Technical data presented here, particularly data on ammunition and on the construction, use, adjustment, and alteration of firearms, inevitably reflects the authors individual beliefs and experiences with particular firearms, equipment, and components under specific circumstances ihai ihe reader cannot duplicate exactly. The information in this book should therefore be used for guidance only and approached with great caution. Neither the author, publisher, nor distributors assume any responsibility for the use or misuse of information contained in this book. Thh book is presented for academic stiuly only;

call me everv loul name lie could think of. eventually telling me that the unit I sent him wasn't worth a damn. When I finally managed to get in a word. I asked him if he had read the instruction sheet.

"To hell with any instruction sheet," he retorted. Tin a federally licensed gunsmith, and I don't need an instruction sheet. The damn parts don't Pit.M

Ahout this time 1 lost my temper too. and I proceeded to inform him that possession nf a federal firearms license was not an indication of either intelligence or ability 1 told him that most of the names he had called me not only applied to him too, but his mother and wife as well. 1 his got his attention, so I told him I would send along another, slightly smaller magazine adaptor and another instruction sheet, which I insisted lie read. To his credit, several days later I received a letter from him stating that he had made it work and apologizing for his previous conduct.

But such incidents happened too often. It took too much time to straighten out the problems, which were not my fault in the first place. I turned the entire operation over to a friend of mine and went on to other things.

Several years later I designed and built a few of the round-reeeivered versions similar to those described in this hook. These were made in both lJmm and .45 versions and included the open-bolt

Open Bolt M16 Lower

9mni conversion (pUto/ version).

-'h>- KACh pistol version described herein. This open-bolt version has interchangeable trigger parts that pivot on the same cross pins ¿in the original parts and will fire both as a full or semiautomatic. 1 made and sold several of these, but after a time— even though I was only furnishing parts I became concerned about their legality and discontinued them as well.

Several months ago. as I prepared to put this book together, I built a nen upper receiver assembly and a magazine adaptor in the rifJe version that used the standard lower receiver assembly. 1 also built a nen open-bolt pistol assembly using my own parts in rhe trigger mechanism as before. These were fabricated primarily for photographic purposes, to use in illustrating this book. These parts included several slight improvements (?) over the older versions and functioned quite well when atLached to a standard lower receiver.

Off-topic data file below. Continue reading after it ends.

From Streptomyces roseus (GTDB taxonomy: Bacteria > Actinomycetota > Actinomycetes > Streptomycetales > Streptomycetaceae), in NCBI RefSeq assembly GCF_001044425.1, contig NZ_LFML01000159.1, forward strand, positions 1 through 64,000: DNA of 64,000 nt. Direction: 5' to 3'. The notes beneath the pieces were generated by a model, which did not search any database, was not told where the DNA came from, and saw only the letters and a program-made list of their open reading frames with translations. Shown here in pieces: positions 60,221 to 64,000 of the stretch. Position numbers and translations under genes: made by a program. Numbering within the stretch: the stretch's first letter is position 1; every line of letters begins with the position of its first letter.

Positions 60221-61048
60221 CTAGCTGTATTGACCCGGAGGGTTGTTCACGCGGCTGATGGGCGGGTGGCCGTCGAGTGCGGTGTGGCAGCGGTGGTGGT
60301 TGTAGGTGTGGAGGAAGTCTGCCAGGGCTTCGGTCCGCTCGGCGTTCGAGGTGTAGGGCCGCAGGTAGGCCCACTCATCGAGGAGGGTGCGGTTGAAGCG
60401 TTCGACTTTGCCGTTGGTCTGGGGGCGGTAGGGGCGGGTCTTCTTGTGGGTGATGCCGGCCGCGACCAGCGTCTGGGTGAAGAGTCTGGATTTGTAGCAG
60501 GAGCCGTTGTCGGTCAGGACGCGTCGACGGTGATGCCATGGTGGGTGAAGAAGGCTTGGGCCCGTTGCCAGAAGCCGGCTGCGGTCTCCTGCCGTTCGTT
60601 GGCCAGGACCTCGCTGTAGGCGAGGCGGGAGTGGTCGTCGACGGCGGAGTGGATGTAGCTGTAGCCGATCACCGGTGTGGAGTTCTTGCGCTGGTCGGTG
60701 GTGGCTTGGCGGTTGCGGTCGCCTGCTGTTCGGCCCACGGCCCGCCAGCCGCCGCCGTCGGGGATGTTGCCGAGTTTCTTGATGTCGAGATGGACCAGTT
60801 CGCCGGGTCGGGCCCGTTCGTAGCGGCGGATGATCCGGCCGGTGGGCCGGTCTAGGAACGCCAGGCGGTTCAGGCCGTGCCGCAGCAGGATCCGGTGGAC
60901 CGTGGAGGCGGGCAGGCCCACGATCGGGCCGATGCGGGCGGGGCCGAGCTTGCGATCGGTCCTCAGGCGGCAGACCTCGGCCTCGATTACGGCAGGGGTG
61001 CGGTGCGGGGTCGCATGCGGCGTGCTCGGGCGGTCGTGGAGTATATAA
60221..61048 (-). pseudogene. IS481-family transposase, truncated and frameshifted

Then, just about the time 1 was putting the finishing touches on the book, another setback occurred. Congress passed the so-called "Crime Bill" of 1904. and suddenly lower receivers, which had been selling for $60 to $80 each, skyrocketed to an asking price of more than $4(K). Even worse, no more can he produced.

Realizing the problem this would cause if the time ever came when one was compelled to build such a gun or remain defenseless, I went back and designed and built a substitute lower that is made using formed sheet metal with wcldcd-in gussets and ends. The result is actually quite a bit sturdier than the original, although heavier. It dues, however, provide an alternative that will allow the builder to construct the entire gun from raw materials.

The guru then, as described in this book, can In- built as either a rifle or pistol, open or closed holt, semi- or full automatic, and with either a self-contained bolt and recoil spring assembly ur a heavier bolt that uses the original recoil spri ng/bi ilfer assembly.

As things stand at present, it is likely that any version of this gun would be illegal if manufactured in its entirety. However, if the c losed-bolt version of the upper receiver assembly is used with an existing lower receiver, it would probably be considered a legal gun. Just how this makes either version any more or less lethal and dangerous than the other is beyond me. But the dimwits we pay to dream up such rules seem to think that those, laws will, in some fashion, reduce crime.